A compare-and-contrast between the Hindustani and Carnatic instrumentalists can pluck notes of uncanny overlaps

By when Chitti Babu was six years old, Annapurna Devi had become a mother. When noticed in isolation, this might imply the two musicians belonged to different generations. It wasn’t so.

Annapurna was just nine years elder to Babu. And they never met each other despite being renowned figures in their art. Annapurna was an iconic 20th-century player of the bass sitar called surbahar, while Babu excelled in another string instrument called the veena. Both were vital figures in their chosen slot of classical Hindustani and Carnatic idioms respectively.

The passing of October prompts music lovers to particularly recall both the titans. The two were born on the same date: the 13th of the month. Annapurna in 1929 and Babu in 1936.

Least keen to go for an overall view, the joint tribute seeks to line up some of the interesting, if unique, highlights of the two musicians.

Guru Ma

An unlock in India these days amid Covid-19 follows a nation-wide shutdown that had detained us indoors for long this summer. Even into the end-monsoons now, human movements face several restrictions being clamped in a bid to check the pandemic.

If such an experience, however prolonged, is new for the people, Annapurna’s case should leave us in awe. The musician spent five decades indoors, least keen to go out. Her withdrawal, of course, was triggered by a chain of bitter real-life episodes that climaxed with her divorce from globetrotting sitarist Ravi Shankar. Annapurna’s flat in upscale Mumbai was rarely open to visitors. Those who managed to get an audience were from the world of music—prospective students or buffs.

For the learners, Annapurna gave a shock. Not with her disciplinarian mode, but by giving even disciples with fairly long experience that (s)he has imbibed only a drop in the ocean of music.

Flautist Nityanand Haldipur, for instance, recalls his first meeting with Guru Ma. A Mumbaikar, Nityanand was 38 years old when he became a pupil of Annapurna (after 13 years of persistent requests). Raga Yaman, very common in the system and one Nityanand thought was among the easiest to delineate, was the first one to be taken up under the new guru.

Soon after his first few blows into the flute, Nityanand felt he knew nothing about the melody-type. It was like he was a “tiny creature in front of the Himalayas”, he would recall later. “She was a much much superior player to Pt Ravi Shankar-ji. Whenever they played, she used to get more applause. And then, naturally, the male ego is always hurt. Clashes and arguments,” he says, citing the reason for her abrupt end to public concerts (since 1955).

Annapurna legally separated from her long-estranged husband in October 1982. Two months later, she married jovial US-returned management guru Rooshikumar Pandya, her sitarist disciple a good 13 years younger. Pandya died in 2013, and Annapurna five years later.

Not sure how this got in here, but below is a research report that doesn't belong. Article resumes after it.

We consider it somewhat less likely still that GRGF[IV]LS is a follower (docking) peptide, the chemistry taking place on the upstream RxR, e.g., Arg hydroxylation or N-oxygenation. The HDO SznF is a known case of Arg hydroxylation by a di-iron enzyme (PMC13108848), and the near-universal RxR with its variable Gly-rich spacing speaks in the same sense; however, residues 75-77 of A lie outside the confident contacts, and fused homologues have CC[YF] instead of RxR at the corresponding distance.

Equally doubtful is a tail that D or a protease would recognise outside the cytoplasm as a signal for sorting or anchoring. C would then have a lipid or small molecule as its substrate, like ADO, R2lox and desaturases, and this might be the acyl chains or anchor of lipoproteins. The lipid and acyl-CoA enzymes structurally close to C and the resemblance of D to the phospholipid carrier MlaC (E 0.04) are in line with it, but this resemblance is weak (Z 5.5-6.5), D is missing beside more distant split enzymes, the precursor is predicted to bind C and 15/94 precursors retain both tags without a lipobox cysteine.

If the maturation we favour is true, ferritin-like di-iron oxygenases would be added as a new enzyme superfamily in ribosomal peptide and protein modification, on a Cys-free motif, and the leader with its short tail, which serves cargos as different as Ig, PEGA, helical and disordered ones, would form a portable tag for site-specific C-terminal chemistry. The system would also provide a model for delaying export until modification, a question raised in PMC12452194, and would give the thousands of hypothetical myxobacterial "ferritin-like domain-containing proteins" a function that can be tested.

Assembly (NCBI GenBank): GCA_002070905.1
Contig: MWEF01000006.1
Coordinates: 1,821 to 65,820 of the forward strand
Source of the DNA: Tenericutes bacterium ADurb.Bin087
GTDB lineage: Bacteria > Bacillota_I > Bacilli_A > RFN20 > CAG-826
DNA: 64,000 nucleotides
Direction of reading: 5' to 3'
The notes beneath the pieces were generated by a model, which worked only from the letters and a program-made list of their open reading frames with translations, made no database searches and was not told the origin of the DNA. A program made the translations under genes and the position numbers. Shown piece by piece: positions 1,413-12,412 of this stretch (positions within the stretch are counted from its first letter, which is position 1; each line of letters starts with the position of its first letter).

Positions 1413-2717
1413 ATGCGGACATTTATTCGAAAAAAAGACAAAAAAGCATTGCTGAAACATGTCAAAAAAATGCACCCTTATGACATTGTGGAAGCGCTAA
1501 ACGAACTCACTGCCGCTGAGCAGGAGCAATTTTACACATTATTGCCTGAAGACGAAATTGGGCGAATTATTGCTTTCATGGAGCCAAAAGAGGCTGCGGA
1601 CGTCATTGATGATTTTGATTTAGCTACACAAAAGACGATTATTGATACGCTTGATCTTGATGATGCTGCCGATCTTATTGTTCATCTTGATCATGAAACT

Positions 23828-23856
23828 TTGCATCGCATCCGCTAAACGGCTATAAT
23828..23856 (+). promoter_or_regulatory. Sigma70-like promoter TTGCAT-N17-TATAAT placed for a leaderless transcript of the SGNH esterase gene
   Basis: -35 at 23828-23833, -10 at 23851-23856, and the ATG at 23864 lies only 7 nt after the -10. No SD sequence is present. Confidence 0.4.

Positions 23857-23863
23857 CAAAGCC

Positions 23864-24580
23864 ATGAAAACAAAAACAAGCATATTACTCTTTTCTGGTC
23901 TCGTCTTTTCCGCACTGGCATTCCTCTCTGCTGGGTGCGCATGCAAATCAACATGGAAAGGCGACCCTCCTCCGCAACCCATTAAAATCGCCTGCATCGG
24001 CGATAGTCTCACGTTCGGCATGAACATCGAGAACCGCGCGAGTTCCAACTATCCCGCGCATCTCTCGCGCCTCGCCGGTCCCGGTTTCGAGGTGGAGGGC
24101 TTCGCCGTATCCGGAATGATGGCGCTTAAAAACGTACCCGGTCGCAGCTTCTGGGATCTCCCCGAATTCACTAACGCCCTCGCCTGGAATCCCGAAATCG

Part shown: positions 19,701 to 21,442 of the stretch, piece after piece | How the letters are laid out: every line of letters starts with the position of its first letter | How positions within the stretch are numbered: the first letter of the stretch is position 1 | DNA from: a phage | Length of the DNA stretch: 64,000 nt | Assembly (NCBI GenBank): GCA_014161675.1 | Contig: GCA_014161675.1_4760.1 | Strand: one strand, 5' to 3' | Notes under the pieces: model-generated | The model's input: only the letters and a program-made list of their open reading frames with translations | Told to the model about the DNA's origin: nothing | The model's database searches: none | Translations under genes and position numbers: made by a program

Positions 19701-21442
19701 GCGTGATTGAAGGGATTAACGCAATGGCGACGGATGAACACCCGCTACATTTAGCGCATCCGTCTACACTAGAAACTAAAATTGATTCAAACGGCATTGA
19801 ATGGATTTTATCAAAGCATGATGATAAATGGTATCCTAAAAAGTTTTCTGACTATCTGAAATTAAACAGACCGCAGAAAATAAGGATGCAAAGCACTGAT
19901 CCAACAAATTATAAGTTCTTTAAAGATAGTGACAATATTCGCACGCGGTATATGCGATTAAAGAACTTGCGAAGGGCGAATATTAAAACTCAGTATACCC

Interestingly, Annapurna was addressed Ma (mother in Hindi) by her father-tutor Allauddin Khan (1862-1972), the multi-instrumentalist genius.

Babu’s film trysts

In 1973, Bollywood released Abhimaan, a musical drama film themed on the troubled marital relation between Annapurna Devi and Ravi Shankar.

That was the year Chitti Babu won Kalaimamani, a prestigious award by the Government of Tamil Nadu for superior contributions to culture. The artiste (1936-96) from seaside Kakinada in neighbouring Andhra Pradesh had, a quarter century ago, made Madras (later Chennai) his home.

Cinema was what led Babu to move to Madras in 1948. He featured as a leading child artiste in a Telugu movie titled Laija Majnu (starring the celebrated Bhanumathi Ramakrishna and Akkineni Nageswara Rao).

That apart, Babu went on to become a frontline disciple of veena veteran Emani Sankara Sastry, also from Andhra. (Sastry’s native Draksharamam is barely an hour’s drive from Kakinada.) Incidentally, Sastry (1922-87) has had his collaborations with Pt Ravi Shankar (1920-2012), serving audiences with the grandeur of the Carnatic and Hindustani styles on one stage.

Sastry’s school, steeped in a meditative spirit, was thoroughly traditional. The student was more flamboyant in his approach to music. (This, again, contrasted with Annapurna’s art and life.) Babu’s plucking of the veena strings had lesser emphasis on microtones. The breeziness wooed not just a new generation across the Deccan, the instrumentalist also found admiration in the West (he extensively toured Europe and the Soviet Union).

Simultaneously, he carried forward his association with film music. For three decades from 1948, Babu had his trysts with cinema by donning the music director’s role and giving the veena track for the actor’s moves. Annapurna Devi vis-à-vis Chitti Babu is a legacy of introversion versus flamboyance.


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